The Go On It’s Liverpool model for a Go On Places campaign points to the importance of the “Three ‘P’s”: Political leadership; Promotion and publicity; and Partnership. Laura Robertson-Collins of unionlearn, who chairs the Go On It’s Liverpool Campaign says “It is the depth and breadth of the partnership of this campaign which has made it so successful – despite the absence of any direct funding! Unionlearn, the City Council’s libraries and Adult Learning Services, the housing associations, the voluntary organisations and also private sector partners such as BT and Lloyds bank, all contribute to the agenda. All work to recruit digital champions and cascade the digital inclusion message in a way relevant to that organisation”. The Carnegie Trust have just published their study of digital exclusion in Glasgow (Across The Divide – Tackling Digital Exclusion in Glasgow), an in-depth study which concludes that both an over-arching city-wide strategy, with a steering group of key partners, and the vital peer-to-peer work on the digital champion model are both crucial to reaching all the community. Laura says: “The report is a fascinating read for anyone interested in digital inclusion, and it also shows the Liverpool model is working on the right lines!”. See page 12 for story of Merseytravel Digital Champion winning national award.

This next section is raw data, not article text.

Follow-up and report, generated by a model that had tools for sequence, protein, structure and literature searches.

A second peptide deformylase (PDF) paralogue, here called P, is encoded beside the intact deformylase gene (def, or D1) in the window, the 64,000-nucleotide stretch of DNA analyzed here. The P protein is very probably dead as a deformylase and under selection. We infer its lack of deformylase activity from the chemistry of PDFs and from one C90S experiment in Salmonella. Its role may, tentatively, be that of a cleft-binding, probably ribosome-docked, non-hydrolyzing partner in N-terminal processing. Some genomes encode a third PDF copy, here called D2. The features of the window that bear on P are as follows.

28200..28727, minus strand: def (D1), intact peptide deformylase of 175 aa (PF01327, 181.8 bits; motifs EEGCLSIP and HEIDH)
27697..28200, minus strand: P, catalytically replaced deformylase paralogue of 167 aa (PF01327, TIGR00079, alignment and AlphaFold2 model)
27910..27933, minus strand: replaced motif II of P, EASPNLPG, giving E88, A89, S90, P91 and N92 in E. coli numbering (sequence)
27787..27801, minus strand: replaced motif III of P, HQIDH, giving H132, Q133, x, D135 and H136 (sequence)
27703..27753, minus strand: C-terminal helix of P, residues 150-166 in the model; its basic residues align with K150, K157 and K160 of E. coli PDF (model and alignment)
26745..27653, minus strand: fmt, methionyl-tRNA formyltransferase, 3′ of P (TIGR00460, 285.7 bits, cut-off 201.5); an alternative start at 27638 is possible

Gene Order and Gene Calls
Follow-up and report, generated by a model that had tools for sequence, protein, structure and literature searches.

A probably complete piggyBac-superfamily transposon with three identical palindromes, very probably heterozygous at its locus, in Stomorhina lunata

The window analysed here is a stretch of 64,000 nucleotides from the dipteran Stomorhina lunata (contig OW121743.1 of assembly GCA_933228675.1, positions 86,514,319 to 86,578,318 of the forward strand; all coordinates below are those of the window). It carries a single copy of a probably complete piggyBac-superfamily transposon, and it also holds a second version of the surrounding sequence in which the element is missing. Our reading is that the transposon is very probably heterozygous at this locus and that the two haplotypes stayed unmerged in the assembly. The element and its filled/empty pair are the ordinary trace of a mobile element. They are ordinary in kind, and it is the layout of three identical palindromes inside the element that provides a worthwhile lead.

Go On Preston in Preston Unionlearn have been approached by Preston CVS to help support community groups struggling with using computers and access to a quality learning environment. The local CVS have sourced a town centre shop unit which will be developed into a learning centre. The Centre will support those most in need of basic computer skills and other learning issues. The idea will be to open the centre with key partner support, then develop outreach centres in local communities through the housing association and union links. In addition the Social Forum within Preston Council now has a sub group for social and digital inclusion. The local CVS have been successful in obtaining an ‘Awards for All’ project. The plan is to open the learning centre as soon as possible with unionlearn and wider trade union support. UCATT, Unison and Unite have already pledged support. The CVS project will then map out the IT learning support resources within the town and coordinate learning activity building up a network of support to local people.

For further information Please contact Mark Rowe e mrowe@tuc.org.uk t 0161 872 2688 m 07825 684524


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Go On Manchester – unions taking digital inclusion to our communities Steve Lynch